Nasa’s Space Launch System rocket undergoes a duration hot fire test on January 16, 2021. The tests are being conducted in preparation for launching the Artemis I mission to the moon. Photo: EPA-EFE
US extends rivalry with China to the moon as it resists cooperation and seeks control over mining
|JANUARY 23, 2022|
-Nasa claims its Artemis lunar programme will promote diversity and cooperation, but fellow space powers China and Russia have been left out in the cold
-With the US attempting to lay down rules for mineral extraction, the new space race looks set to divide the world
Philip J. Cunningham
There's enough strife on land, sea and in the air to keep US Cold Warriors and their Wolf Warrior counterparts in China sparring for a long time to come, but the race to create zones of influence and secure resources doesn’t begin and end with planet Earth.
With the roll-out of Nasa’s Space Launch System rocket and Orion spacecraft in support of the US Artemis Programme, the moon has been added to the mix.
“Through Artemis, Nasa aims to land the first woman and first person of colour on the moon,” the mission statement reads. The US will “collaborate with commercial and international partners and establish the first long-term presence on the moon”.
At first glance, both China and Russia would be logical international partners, but the statement has a distinctly American accent.
It’s not the first time the US has tried to set the terms by which other nations can explore Earth’s only natural satellite. A US-scripted “Moon Treaty” was drawn up in 1979 but eventually withered away because the tiny handful of nations capable of competing with the US in space were not interested in signing away their rights.
Even the flag-waving president Donald Trump came to disdain the treaty because it suggested that the moon should be treated as part of a “global commons” rather than as a private resource base that individual nations and corporations could exploit.
Eager to approve American mining on the moon, Trump issued an executive order on April 6, 2020, “Encouraging International Support for the Recovery and Use of Space Resources”. The moribund 1979 Moon Treaty was thus scrapped. In Trumpian terms, it was “a failed attempt at constraining free enterprise”.
The executive order issued by Trump is still in effect and the language has been altered only slightly. The goal of sending the “first woman and next man” to the moon was amended by the Biden administration to read “first woman and first person of colour”.
There are several ironies inherent in the way US leaders talk about the space programme. One is the partisan political flavour; the Democrats emphasise its links with identity politics, while Republicans emphasise the capitalist free market element.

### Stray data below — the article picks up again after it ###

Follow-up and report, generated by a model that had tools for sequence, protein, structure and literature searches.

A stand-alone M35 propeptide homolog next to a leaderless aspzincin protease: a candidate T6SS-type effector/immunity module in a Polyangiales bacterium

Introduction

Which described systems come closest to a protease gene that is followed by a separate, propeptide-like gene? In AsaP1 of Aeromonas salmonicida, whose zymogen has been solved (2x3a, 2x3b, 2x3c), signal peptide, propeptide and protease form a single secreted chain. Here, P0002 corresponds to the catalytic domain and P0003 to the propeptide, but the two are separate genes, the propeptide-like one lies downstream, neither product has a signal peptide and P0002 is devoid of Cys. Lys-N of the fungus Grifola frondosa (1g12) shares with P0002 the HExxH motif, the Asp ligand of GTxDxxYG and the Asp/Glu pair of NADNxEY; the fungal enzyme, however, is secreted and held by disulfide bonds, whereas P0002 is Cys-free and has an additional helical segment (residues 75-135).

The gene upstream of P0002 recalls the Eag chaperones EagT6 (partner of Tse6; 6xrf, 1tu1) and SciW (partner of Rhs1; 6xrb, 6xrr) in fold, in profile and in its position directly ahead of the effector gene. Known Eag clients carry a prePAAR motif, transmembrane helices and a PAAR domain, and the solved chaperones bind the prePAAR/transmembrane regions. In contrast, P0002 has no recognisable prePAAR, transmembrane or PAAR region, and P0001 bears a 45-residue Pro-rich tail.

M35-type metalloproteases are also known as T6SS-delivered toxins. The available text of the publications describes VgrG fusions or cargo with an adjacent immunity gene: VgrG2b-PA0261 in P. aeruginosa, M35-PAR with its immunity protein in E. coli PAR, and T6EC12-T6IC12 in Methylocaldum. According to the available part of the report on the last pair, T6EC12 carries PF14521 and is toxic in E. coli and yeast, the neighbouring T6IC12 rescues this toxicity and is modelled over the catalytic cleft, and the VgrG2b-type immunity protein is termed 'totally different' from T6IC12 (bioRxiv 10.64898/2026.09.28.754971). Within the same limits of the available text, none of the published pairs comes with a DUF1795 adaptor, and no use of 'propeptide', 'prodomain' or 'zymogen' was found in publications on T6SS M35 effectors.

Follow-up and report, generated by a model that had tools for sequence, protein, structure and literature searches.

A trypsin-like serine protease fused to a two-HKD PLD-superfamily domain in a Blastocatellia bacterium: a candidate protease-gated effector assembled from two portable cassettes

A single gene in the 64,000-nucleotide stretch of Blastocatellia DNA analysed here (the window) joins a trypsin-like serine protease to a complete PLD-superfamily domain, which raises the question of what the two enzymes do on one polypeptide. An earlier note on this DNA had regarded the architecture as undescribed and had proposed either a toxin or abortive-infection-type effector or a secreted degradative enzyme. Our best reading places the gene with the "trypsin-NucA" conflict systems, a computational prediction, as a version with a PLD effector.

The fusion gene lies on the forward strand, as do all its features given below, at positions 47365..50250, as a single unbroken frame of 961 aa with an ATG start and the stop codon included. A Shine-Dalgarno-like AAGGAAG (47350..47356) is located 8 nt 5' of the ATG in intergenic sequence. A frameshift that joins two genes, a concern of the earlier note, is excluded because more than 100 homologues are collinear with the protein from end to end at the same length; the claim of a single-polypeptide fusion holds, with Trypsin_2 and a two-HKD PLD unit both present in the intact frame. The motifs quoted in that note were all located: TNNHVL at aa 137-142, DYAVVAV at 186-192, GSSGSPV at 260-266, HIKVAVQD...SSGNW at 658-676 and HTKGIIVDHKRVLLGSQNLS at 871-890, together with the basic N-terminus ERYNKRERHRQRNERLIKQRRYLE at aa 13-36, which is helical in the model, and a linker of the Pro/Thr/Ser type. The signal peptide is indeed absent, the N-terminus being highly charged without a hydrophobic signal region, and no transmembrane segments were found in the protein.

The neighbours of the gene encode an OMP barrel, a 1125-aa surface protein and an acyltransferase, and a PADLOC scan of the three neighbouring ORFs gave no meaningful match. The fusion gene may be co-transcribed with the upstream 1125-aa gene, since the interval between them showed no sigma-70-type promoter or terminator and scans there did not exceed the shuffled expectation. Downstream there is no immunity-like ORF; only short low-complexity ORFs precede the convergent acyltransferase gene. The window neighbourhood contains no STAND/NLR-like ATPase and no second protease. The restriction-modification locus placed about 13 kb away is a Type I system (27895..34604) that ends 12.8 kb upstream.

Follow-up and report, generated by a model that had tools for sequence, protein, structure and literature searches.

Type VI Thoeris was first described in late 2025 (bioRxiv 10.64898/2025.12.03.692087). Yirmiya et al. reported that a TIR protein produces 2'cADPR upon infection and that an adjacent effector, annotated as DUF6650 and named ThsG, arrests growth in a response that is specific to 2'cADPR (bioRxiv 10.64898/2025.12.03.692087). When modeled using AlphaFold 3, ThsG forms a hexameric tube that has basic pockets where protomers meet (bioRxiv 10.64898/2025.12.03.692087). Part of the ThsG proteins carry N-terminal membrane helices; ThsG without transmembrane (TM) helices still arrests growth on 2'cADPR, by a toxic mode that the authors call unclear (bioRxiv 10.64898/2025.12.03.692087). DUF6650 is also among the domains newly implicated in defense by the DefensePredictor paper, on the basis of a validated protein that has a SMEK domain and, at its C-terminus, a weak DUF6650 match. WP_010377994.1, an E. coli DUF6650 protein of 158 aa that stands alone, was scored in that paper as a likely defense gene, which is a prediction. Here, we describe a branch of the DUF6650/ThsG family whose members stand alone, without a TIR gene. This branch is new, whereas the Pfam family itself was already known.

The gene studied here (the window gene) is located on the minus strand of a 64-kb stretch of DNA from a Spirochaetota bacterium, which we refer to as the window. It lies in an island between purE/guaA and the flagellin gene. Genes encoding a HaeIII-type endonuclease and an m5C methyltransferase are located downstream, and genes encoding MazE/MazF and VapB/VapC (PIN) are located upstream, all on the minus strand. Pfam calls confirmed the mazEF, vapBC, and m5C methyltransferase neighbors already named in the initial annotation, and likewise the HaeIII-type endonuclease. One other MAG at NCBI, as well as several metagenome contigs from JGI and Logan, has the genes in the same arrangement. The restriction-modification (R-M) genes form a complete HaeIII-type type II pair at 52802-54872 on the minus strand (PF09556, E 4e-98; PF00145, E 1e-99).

neither party wants to be stuck with the budget shortfalls and delays that have
dogged the programme from day one. And no one is talking about including China.
Given the way Nasa promotes astronaut identity, there’s a further irony in the fact that China happens to have a woman in space at this very moment, and has been sending, by the arcane terms of the US mission statement, “persons of colour” into space since the inception of their programme.
If human diversity was really a serious goal of the Artemis programme, there would be scant reason not to cooperate with China. Or Russia for that matter. But why should China and Russia sign on to a day-late, dollar-short programme jump-started by Trump that defines the rules of exploitation on US terms?
The US has solicited a number of allies to sign on the Artemis Accords, including members of the Five Eyes intelligence sharing bloc, as well as Japan and South Korea. But it is the recent inclusion of Ukraine that speaks volumes about the political cast of the programme.
What the mission statement is really saying is that the US reserves the right to exploit the mineral resources of the moon, and will do so with allies of its choosing and within guidelines of its own creation. As for China and Russia, the only two serious rivals to the US in space, they have been left out in the cold.
The Artemis Accords add another brick to the regulatory firewall the US has built regarding cooperation with China in space. The 2011 Wolf Amendment prohibited such cooperation, with the unsurprising result that China has taken a go-it-alone approach ever since.
Furthermore, the inclusion in the US space bloc of Ukraine, a bitter adversary of Russia, only serves to increase the likelihood that China and Russia will look to one another as partners in space. Already, plans for a Sino-Russian moon base are being touted.
The implicit anti-China gist of the Artemis programme is symptomatic of US party-driven politics in general. On the one hand, there’s a seemingly unbridgeable political divide at home; on the other, one administration looks the same as the other when viewed from afar.
The ostensible aim of the Artemis programme is to promote cooperation, diversity and set down rules for lunar exploration. In reality, it is dividing the world into two camps, following the familiar East-West fault lines established in the last Cold War.
Philip J. Cunningham has been a regular visitor to China since 1983, working variously as a tour guide, TV producer, freelance writer, independent scholar and teacher